Getting a business up and off the ground can be one of the most challenging things a person will do in life. The number of roadblocks for new business owners can be enough to think the deck is stacked against you in many ways: a full two thirds of all new businesses fail within their first ten years, indicating the tremendous difficulty of carving out a niche in a crowded market. Finding your way in the cannabis industry seems harder still due to the red tape and regulation. Nevertheless, every industry has its winners, and those who work hard in the cannabis industry will be well-placed to enjoy major growth in the near future. What startup mistakes should cannabis business owners avoid in the early days?
A business plan is crucial for the development of a cannabis dispensary, grow-op, or processing facility. There are many areas of your business that these strategic plans should address, ranging from startup funding to logistics to cash-flow projections to brand marketing to tax accountabilities. Business plans need to be solid enough to cover contingencies and emergencies, but flexible enough that they can be improved upon once operations begin to flow more naturally. Oftentimes funding is dependent on a good business plan, and a business that fails to develop a comprehensive plan is one that gets turned away time and time again by lenders.
Every business owner-to-be dreams of the day when they can cut the ribbon on their store, open the doors to a flood of customers, make their first-ever sale, and start putting themselves in the black. A lot of work needs to go into operations before you can pick out a ribbon, however, or else you may find yourself closing the doors and reorganizing in a frenzy. Remember that a new business needs employees and products, but above all else it needs customers. This is especially true in the cannabis industry, where the market may be highly saturated and potential customers need to be split away from their established purchasing patterns. Being the first to market can have great advantages, but tripping over yourself to open the door when there isn't a proper business need in your location just means you will burn time and cash until that need is established.
What is true in real estate is true in business: the first rule is location, location, location. The research you do into location will pay for itself many times over. Look at the voting records of the state, county, and city in decriminalization and legalization ballots to determine areas where lots of voters were in favor of cannabis—this is the best possible area for a strong customer base that you could ask for. Additionally, make certain that you are setting up shop in a location that is properly zoned. For example, some municipalities only allow cannabis dispensaries to open in industrial areas, and not many customers want to travel through factories and processing plants to pick up some product for the evening. Ensure you are able to comply with all local regulations, since you can be certain you'll need to prove it to the authorities.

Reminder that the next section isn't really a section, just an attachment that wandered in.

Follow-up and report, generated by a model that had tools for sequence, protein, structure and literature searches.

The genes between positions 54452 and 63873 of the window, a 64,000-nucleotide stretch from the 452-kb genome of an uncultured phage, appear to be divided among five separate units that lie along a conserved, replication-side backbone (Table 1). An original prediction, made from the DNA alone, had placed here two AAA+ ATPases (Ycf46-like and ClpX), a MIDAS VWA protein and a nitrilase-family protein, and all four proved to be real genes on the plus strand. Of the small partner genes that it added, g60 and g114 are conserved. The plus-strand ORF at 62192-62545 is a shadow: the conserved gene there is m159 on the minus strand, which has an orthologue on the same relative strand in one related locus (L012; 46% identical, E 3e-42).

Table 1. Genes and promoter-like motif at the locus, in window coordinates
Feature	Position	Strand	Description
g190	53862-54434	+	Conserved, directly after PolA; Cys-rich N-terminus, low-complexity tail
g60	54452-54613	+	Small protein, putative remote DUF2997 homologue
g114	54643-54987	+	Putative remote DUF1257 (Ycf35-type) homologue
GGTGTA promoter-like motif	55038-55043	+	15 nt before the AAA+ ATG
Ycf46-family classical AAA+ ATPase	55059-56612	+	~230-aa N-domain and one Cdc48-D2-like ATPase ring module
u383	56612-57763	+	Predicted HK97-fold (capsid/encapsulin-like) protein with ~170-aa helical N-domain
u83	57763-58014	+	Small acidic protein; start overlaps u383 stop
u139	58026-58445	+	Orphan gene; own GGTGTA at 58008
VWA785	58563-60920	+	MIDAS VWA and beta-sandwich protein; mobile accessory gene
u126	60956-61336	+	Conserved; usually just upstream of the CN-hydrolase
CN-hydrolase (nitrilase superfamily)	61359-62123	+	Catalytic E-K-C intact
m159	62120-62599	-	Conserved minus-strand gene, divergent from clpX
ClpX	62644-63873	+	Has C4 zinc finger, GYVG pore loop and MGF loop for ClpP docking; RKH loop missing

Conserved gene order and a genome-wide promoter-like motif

No business can survive on its own. The choice of professional relationships to be made with clients, vendors, and partners may be the difference between success and failure, especially in the early years when a single bad mistake may be enough to sink a business. Whenever possible, partner with people who have experience in the cannabis industry, who know its pitfalls, and who are interested in furthering their connections to cannabis. Different states may regulate particular cannabis partnerships, especially in regard to funding, meaning that some partnerships may be more difficult to forge. You may also find many eager partners who want to get their name and brand within the cannabis sphere, but who have much less to offer you than you have to offer them.
Investing in your employees pays off and skimping on employee training can come back to haunt you. Cannabis employees need a solid understanding of the product, the sale, the customer, and the procedures before they can be entrusted with a cash register. Create a set of standard operating procedures so that every employee can find out what they need to do in a particular situation, and be sure to keep employees regularly trained on new or changing cannabis policies in your state.
Posted by Canna Business TeamFacebook
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